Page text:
Governor’s Poll shows Donald Trump’s lockdown on Oregon Republicans
The Oregon Republican Party, decades ago a party of moderate centrists like Tom McCall and Mark Hatfield, is now extremely loyal to Donald Trump and would prefer its gubernatorial candidate to look a lot like the former president, even if that means the candidate cannot win in Oregon, a new poll has been found.
In the poll of 600 likely Oregon Republican primary voters in early November, 75% said they viewed Trump positively, and 58% believed the 2020 election was âstolenâ from him. Just over 60% of those polled said Republican statewide candidates should be “more like Trump,” while 23% said they should be less like him.
That was enough to prompt John von Schlegell, a prominent Portland business executive and political novice who commissioned the poll when he was considering running for the race, to abandon the notion.
âAfter looking at all the data, even though I think a moderate Republican would be really good for this state, it would be hard to get away with it,â said von Schlegell, co-founder of Endeavor Capital, one one of the most famous in Portland. private equity firms.
He has contributed to conservation groups, enthusiastically supported the removal of the dam on the Klamath River, and supported moderate Democrats like US Senator Ron Wyden.
“I’m not sure my principles would appeal to the Republican Party today,” he said. “I am not a Trump sidekick.”
The poll, conducted by Columbus, Ohio-based Republican pollster Fallon Research & Communications, had a margin of error of plus or minus 4 percentage points.
He found that 53% of likely Republican voters were the most likely to vote for a gubernatorial candidate who “focuses on fighting liberals to protect our fundamental freedoms, defend our borders, and prevent masks and critical theory. of race to be imposed on our children “. Only 35%, in contrast, said they would be more likely to vote for one “that focuses on economic issues such as promoting opportunities and job growth, lowering taxes for class families. mean and government accountability “.
A plurality, 48%, said it would favor “a candidate who will share and defend Republican values, even if he risks losing the general election again to the Democrats”. Only 36% said they would favor a Republican candidate who can win the general election but is more moderate, while 16% said they were unsure.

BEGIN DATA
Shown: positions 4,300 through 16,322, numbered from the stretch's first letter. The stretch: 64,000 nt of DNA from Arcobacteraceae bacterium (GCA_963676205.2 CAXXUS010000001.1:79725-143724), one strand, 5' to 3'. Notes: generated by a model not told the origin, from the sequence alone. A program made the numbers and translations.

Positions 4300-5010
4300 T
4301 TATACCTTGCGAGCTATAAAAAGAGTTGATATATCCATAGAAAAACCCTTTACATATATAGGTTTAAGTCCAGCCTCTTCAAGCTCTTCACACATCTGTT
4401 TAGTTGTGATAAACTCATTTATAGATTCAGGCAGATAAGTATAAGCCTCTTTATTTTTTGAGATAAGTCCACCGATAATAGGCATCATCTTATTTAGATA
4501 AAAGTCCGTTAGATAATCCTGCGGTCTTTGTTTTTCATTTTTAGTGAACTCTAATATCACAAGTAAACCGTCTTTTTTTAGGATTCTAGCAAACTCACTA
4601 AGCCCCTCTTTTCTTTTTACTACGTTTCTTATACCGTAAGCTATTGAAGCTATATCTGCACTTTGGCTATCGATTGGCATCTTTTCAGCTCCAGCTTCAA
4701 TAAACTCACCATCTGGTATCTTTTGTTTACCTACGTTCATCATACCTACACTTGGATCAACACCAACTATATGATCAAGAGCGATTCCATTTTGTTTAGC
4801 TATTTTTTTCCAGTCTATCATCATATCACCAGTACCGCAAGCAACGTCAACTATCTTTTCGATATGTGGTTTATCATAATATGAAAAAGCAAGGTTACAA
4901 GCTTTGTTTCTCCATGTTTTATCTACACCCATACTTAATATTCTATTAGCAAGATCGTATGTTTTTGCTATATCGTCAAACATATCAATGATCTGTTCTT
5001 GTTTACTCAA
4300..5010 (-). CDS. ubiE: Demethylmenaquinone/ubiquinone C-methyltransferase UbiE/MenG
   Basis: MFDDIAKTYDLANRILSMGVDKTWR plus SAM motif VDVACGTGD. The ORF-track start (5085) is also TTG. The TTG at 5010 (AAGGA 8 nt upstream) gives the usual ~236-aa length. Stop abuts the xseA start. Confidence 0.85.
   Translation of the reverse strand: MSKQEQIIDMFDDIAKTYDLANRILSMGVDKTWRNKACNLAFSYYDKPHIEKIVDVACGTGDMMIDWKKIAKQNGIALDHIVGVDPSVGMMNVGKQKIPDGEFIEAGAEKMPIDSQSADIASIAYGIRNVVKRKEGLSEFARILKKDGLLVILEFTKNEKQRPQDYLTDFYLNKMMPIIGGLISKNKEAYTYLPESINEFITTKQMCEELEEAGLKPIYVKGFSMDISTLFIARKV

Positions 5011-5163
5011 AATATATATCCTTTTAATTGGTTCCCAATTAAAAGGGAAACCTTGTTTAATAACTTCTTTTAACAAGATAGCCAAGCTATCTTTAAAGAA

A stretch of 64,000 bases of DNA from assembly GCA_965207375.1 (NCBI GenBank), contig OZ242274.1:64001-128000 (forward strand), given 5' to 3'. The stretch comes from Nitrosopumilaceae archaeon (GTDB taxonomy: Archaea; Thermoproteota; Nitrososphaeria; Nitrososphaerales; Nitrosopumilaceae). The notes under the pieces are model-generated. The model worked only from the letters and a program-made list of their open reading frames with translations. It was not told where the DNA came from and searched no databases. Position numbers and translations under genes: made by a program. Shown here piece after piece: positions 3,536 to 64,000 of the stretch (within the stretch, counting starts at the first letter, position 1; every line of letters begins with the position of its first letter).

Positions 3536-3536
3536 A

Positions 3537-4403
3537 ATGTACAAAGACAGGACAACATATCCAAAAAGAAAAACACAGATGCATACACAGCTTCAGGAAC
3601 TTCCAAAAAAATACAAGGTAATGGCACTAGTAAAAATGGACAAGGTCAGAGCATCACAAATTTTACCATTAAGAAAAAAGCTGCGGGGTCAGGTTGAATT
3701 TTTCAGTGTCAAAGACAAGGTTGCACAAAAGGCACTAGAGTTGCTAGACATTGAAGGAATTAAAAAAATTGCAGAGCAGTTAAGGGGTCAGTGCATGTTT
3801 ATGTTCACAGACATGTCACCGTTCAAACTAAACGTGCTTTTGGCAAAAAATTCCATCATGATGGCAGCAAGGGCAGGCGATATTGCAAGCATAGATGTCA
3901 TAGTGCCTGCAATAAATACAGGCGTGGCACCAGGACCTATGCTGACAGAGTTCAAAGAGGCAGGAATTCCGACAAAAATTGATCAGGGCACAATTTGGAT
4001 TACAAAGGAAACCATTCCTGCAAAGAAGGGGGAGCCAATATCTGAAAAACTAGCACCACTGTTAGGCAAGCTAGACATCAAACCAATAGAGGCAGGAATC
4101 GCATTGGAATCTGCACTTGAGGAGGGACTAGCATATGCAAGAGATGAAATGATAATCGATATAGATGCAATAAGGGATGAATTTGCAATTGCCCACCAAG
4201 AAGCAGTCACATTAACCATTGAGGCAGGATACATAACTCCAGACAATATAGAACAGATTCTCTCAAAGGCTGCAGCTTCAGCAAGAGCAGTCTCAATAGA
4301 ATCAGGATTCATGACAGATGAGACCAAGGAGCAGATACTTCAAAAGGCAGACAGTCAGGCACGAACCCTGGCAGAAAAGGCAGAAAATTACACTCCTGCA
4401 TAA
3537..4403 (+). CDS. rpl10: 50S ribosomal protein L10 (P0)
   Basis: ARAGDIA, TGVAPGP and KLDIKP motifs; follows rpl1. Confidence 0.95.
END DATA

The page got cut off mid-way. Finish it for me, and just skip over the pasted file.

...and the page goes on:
Long before the May primary that will determine the party’s candidate for state office, the most common Republican voters – around 67% – don’t know who they will support, the poll found.
Bud Pierce, the Salem doctor who was the party’s 2016 candidate before being defeated by Kate Brown in the general election, garnered far more support than any of the other Republicans named in the poll. When asked who they would vote for if the primary was tomorrow, 13.7% went with Pierce.
Conservative President and Chairman of the Oregon Republican Party, Dallas Heard of Roseburg, was next with 3.1%, followed by Medford entrepreneur Jessica Gomez with 2.3% and Republican House leader Christine. Canby’s Drazan, with 1.9.
Some Republicans are optimistic about their party’s chances in 2022. Russ Walker, a political consultant to Keizer, said the party had the best chance of winning the gubernatorial race since 2010, when Chris Dudley narrowly lost to John Kitzhaber.
âPeople are so frustrated,â Walker said. âCrime, the homeless, schools. Anyone who controlled and allowed this environment to grow and grow worse, they are vulnerable.
But the 2022 race will face a never-before-seen unknown in modern Oregon politics. An elected official who has a proven track record in raising substantial campaign donations – longtime moderate Democratic lawmaker Senator Betsy Johnson de Warren – is considering seeking the highest office of state without the support of either the other of the main political parties.
In a state with far more registered voters who are also not affiliated with any party – 1.2 million – than its 730,000 registered Republicans, Johnson’s role as a spoiler could be as important as it is unpredictable at this point. .
The poll contained a piece of good news for Johnson. 30% of likely Republican voters agreed they were “open to the possibility” of voting for her. John Horvick, of DHM Research, a Portland-based research and polling firm, said he wouldn’t be surprised to see strong Republican support for Johnson from party members tired of being beaten.
âIf you are a Republican voter, what have you got to lose by voting for Betsy? Horvick said. âShe leans to the right, she is (now) unaffiliated. And you haven’t won for 40 years. (Two-term Republican governor Vic Atiyeh was last elected in 1982.)
Johnson’s decision posed another challenge for von Schlegell, who felt they would draw from the same pool of voters. Moreover, some of his deep-pocketed friends had previously thrown their influence and money behind Johnson, whose coffers are now filled with more than $ 2 million.
Tim Boyle, president and CEO of Columbia Sportswear, has contributed more than $ 100,000 to Johnson’s campaign. “It’s his pragmatism, his experience in government and his rural credibility, which I think will be really important,” he said.
Fallon researchers interviewed more than 600 Oregonians who identified themselves as Republicans in early November. Over 50% of them said they were 65 or over.
Horvick, whose company also conducts political polls, said the report’s methodology seemed solid. Asked about the ages of those interviewed, Horvick said Republican primary voters were generally older.
– Jeff Manning